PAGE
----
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Tuesday is 'Red Line, Purple Line Day'

Gov. Martin O'Malley is going to bite the bullet on two major transit projects Tuesday with announcements on the state's plans for Baltimore's east-west Red Line and suburban Washington's Purple Line. It appears almost certain he will choose the Red Line alternative known as 4C -- light rail in tunnels under downtown, Harbor East, Fells Point and Cooks Lane but otherwise on the surface.

Whatever he announces, the governor is going to make some people mad. The most likely choices for both projects have both fervent supporters and ardent detractors.

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O'Malley will start his transit tour with a news conference in New Carrollton  at 8:30 a.m., the eastern terminus of the proposed Purple Line to Bethesda. He will follow that with a MARC train ride to West Baltimore, a stop on the proposed Red Line from Woodlawn to Bayview, where he will make a second  announcement  at 10:15 a.m.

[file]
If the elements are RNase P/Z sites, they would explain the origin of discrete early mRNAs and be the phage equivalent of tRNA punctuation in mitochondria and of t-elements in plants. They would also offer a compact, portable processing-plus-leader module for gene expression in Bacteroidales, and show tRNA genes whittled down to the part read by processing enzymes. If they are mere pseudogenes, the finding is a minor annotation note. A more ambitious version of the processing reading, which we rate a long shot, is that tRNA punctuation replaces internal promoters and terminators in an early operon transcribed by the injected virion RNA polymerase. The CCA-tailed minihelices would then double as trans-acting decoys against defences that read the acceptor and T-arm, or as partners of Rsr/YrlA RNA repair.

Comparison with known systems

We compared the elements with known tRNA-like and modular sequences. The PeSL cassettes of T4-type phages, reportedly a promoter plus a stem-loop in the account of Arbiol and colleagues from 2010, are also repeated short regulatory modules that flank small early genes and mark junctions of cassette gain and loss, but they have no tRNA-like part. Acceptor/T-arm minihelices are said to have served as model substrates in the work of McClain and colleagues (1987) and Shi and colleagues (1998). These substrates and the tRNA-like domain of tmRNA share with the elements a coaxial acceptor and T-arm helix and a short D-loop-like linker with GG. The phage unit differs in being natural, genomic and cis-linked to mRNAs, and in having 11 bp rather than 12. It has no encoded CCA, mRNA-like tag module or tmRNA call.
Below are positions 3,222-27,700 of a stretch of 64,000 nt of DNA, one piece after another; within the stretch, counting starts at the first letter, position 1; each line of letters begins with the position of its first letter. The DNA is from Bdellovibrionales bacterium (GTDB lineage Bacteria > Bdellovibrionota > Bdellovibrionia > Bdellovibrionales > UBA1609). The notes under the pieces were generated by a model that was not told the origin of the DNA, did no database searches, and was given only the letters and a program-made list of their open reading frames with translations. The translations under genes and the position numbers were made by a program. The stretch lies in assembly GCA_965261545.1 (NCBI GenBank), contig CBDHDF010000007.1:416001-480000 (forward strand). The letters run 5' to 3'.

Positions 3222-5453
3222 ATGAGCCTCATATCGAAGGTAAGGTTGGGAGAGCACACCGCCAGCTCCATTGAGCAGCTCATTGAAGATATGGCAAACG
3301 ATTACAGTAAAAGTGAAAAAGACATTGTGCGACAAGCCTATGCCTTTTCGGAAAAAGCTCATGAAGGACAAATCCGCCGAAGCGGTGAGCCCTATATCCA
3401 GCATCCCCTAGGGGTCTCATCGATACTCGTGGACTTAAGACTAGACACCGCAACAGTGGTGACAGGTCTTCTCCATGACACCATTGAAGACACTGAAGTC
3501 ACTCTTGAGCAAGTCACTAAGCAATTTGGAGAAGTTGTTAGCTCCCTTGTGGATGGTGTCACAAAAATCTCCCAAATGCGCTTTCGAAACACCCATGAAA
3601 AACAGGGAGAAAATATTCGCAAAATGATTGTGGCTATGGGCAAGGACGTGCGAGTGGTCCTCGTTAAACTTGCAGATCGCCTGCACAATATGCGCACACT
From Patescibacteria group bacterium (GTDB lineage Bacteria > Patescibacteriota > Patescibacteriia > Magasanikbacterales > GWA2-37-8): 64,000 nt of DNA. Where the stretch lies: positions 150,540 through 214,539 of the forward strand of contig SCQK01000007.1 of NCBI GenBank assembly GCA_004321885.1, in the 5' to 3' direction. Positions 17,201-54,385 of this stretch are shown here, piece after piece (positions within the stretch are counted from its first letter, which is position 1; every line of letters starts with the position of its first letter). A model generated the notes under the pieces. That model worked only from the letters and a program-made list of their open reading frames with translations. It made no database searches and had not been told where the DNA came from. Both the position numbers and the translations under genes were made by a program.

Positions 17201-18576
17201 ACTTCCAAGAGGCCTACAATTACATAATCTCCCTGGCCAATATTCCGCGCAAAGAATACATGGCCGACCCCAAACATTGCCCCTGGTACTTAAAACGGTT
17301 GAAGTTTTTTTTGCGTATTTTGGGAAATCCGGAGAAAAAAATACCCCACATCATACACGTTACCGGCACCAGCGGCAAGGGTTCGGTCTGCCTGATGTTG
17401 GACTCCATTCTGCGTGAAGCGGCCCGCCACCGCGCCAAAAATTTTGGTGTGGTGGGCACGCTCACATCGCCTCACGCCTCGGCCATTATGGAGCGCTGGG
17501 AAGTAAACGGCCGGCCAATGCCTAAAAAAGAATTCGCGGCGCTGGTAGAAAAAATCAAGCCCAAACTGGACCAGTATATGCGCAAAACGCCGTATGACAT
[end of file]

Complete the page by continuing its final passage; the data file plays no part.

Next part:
For both lines, the choices of mode officially on the table are rapid bus service and light rail, but if the choice were anything but rail in either case it would be a huge surprise.

The leading alternative for the Red Line, supported by Mayor Sheila Diixon and Baltimore County Executive Jim Smith, is 4C. That alternative has been the subject of vocal protests from residents on the Edmondson Village area and Canton.

UPDATE: Mayor Dixon is on vacation out of town and won't be attending the news conference, but members of her administration will be there  and are expecting  no surprises. The same is true for Smith. Also on the guest list is Donald C. Fry, president of the Greater Baltimore Committee and a public backer of the plan Dixon and Smith have endorsed. It would be quite a  shock if the governor invited Fry only to choose some other plan. Also, the governor's office -- while  not tipping its hand on its choice -- acknowledged that  the Maryland Transit Administration managed to bring the leading option within federal cost-effectiveness guidelines.

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